California, L.A. Economies Still in Slump’s Grip
Despite the improving job picture nationally, California--and especially the Southland--continues to suffer from a stubborn economic slump, new employment figures released Friday show.
The jobless rate in Los Angeles County, climbing for the third month in a row, returned to its recessionary high of 11.2% last month--up from 10.4% in January, the government reported. Meanwhile, unemployment statewide rose to 9.8% in February, up from 9.5% the month before.
Employment climbed throughout California and in Los Angeles County during February, but jobs were added too slowly to handle the influx of new and returning job hunters to the labor market.
Even though that type of scenario--rising employment and an expanded pool of job hunters--often is an early sign of a recovery, economists said the situation still is grim in California.
“I don’t see us jumping into the party that the rest of the country seems to be having,” said Ted Gibson, economist with the California Department of Finance, citing last month’s strong job growth nationally and the decline in the U.S. jobless rate to 7.0%.
He added: “In California, especially in Southern California, we have to live with the reality of the defense budget. We’re going to have defense cutbacks” for years to come.
The Economic Development Corp. of Los Angeles County estimates that the state will lose 115,000 jobs at aerospace plants in 1993 and 1994, including 48,000 in Los Angeles County alone. Additional jobs are expected to be lost in communities near military bases destined to close.
Last month, a big employment increase in service trades was partly offset by the continuing losses in aerospace and related fields, along with the long-running downturn in retailing.
Economists said California stands to benefit from the recent declines in interest rates, which are expected to spur home building and related industries in the state. Still, Gibson said, “our best hope . . . is that we’ll see some stability” later this year.
In addition, economists in California and across the country express concern that many of the new jobs being created are part-time or temporary positions that do not provide the pay or benefits of the jobs being eliminated.
Of the 11 big states whose jobless numbers were released, California’s unemployment rate of 9.8% was by far the highest, followed by New York’s 8.0%. By some estimates, the state has lost more than 800,000 jobs since employment was at its peak in mid-1990.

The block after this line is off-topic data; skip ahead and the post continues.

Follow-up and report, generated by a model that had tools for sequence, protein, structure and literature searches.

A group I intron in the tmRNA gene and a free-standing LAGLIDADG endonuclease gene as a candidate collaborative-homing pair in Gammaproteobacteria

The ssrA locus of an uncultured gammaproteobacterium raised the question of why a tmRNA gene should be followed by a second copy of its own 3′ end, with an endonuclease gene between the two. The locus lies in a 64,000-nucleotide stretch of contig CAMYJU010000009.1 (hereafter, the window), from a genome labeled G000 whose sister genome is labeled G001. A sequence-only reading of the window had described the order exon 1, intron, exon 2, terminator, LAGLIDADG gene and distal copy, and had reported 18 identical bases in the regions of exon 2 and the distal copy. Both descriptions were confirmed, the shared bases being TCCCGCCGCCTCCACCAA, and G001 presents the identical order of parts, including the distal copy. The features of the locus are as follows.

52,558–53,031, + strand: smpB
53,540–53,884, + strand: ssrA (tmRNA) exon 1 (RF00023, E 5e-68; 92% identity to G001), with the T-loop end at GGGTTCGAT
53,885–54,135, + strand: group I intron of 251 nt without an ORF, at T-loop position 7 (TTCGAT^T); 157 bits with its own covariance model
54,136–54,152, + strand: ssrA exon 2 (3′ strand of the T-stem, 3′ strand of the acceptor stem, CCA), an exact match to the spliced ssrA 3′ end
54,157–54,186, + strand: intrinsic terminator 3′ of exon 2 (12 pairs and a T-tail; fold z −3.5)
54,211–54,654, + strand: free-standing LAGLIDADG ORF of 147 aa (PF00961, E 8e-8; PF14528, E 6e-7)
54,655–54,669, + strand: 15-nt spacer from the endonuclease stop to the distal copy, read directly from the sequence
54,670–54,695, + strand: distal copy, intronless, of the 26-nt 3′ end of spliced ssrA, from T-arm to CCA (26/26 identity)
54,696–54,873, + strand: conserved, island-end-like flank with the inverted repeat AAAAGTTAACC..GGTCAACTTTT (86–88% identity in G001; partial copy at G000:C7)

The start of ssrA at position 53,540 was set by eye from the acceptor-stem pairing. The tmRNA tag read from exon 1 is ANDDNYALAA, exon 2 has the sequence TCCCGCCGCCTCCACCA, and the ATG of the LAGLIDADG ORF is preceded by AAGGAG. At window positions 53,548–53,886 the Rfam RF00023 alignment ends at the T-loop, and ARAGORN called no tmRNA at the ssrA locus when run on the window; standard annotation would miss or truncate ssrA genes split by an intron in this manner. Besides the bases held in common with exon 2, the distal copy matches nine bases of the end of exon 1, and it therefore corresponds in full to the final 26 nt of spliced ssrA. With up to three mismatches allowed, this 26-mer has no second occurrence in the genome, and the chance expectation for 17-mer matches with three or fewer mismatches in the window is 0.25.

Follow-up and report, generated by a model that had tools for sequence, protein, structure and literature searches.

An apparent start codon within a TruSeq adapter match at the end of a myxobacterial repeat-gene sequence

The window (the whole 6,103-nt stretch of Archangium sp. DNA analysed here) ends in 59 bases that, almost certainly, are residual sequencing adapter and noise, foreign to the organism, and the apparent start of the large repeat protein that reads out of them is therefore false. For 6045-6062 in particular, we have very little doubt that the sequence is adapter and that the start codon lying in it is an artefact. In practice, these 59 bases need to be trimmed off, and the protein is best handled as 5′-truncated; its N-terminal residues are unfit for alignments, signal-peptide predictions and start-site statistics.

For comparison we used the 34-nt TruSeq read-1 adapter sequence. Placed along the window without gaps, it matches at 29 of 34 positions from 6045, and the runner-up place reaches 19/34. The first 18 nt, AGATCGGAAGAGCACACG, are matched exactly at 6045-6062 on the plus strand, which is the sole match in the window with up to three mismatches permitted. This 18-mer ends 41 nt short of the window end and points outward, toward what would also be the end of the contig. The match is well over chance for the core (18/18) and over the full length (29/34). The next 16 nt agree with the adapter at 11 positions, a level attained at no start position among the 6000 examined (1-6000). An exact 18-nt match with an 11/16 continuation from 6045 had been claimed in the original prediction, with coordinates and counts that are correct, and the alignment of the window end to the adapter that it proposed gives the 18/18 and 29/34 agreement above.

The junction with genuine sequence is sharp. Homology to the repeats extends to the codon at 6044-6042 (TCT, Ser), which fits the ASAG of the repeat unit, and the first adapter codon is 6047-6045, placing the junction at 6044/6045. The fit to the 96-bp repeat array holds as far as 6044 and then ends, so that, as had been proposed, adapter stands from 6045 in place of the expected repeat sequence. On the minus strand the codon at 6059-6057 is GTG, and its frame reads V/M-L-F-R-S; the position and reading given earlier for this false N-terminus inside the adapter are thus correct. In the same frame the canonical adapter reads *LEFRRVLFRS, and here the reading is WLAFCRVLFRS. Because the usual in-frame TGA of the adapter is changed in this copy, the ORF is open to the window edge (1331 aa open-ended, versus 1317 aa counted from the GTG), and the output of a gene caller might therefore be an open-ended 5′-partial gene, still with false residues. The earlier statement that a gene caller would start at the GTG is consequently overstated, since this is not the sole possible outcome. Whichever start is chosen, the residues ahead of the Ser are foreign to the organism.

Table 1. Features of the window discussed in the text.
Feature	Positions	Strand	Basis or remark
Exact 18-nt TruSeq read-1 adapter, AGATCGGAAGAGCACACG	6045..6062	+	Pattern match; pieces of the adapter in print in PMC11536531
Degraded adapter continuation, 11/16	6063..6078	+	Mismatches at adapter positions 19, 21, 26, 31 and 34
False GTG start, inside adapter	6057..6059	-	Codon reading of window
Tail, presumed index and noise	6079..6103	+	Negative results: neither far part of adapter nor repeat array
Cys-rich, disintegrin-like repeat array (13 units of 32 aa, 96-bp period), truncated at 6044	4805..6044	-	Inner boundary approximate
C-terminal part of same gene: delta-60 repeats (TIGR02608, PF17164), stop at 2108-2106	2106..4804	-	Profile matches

Los Angeles County’s jobless rate is now back to the same level where it stood in July. The last time the county’s jobless rate was higher was 10 years ago, in February, 1983, when unemployment was 11.5%.
Although the county figures are volatile due to the relatively small sampling of nearly 2,000 households they are drawn from, “this unemployment rate in the double-digits is probably a fairly true indicator of what is out there,” said Jack Kyser, chief economist for the Economic Development Corp., a nonprofit agency.
The most optimistic sign in the county figures was the gain in employment, which rose by 61,000 in February to more than 4.03 million. Over the previous three months, employment had fallen by 148,000 jobs.
But due to the influx of new job hunters, the number of unemployed in the county also climbed 48,000 last month to 510,000. In February, 1992, the jobless rate was 9.9%, with employment at 4,098,000 and 451,000 unemployed.
Los Angeles County is the only metropolitan area in the state whose employment figures are released as soon as the state and national figures are issued.
Statewide, the government’s survey of roughly 4,750 households showed employment rising by 98,000 to 13.9 million. At the same time, the number of unemployed people rose 65,000 to 1.51 million.
February’s rise in unemployment brought the state jobless rate close to the recessionary peak of 10% that it hit in November.
A separate employment survey--based on employer payrolls and not adjusted for seasonal trends--found that the number of jobs in the state climbed 34,600 to 11.92 million in February. The big gainer was the service sector of the economy, which includes everything from hotels to Hollywood. It posted an increase of 33,300 jobs.
The big loser was retailing, which was down 25,300 jobs, at least partly because many holiday shopping season hires are laid off in February. The next-biggest loser was durable manufacturing, which includes such areas as aerospace and high technology and which dropped by 5,200 jobs.
Kyser said improvement in service industries may have boosted the hopes of many unemployed workers and contributed to the increase in the number of people looking for work.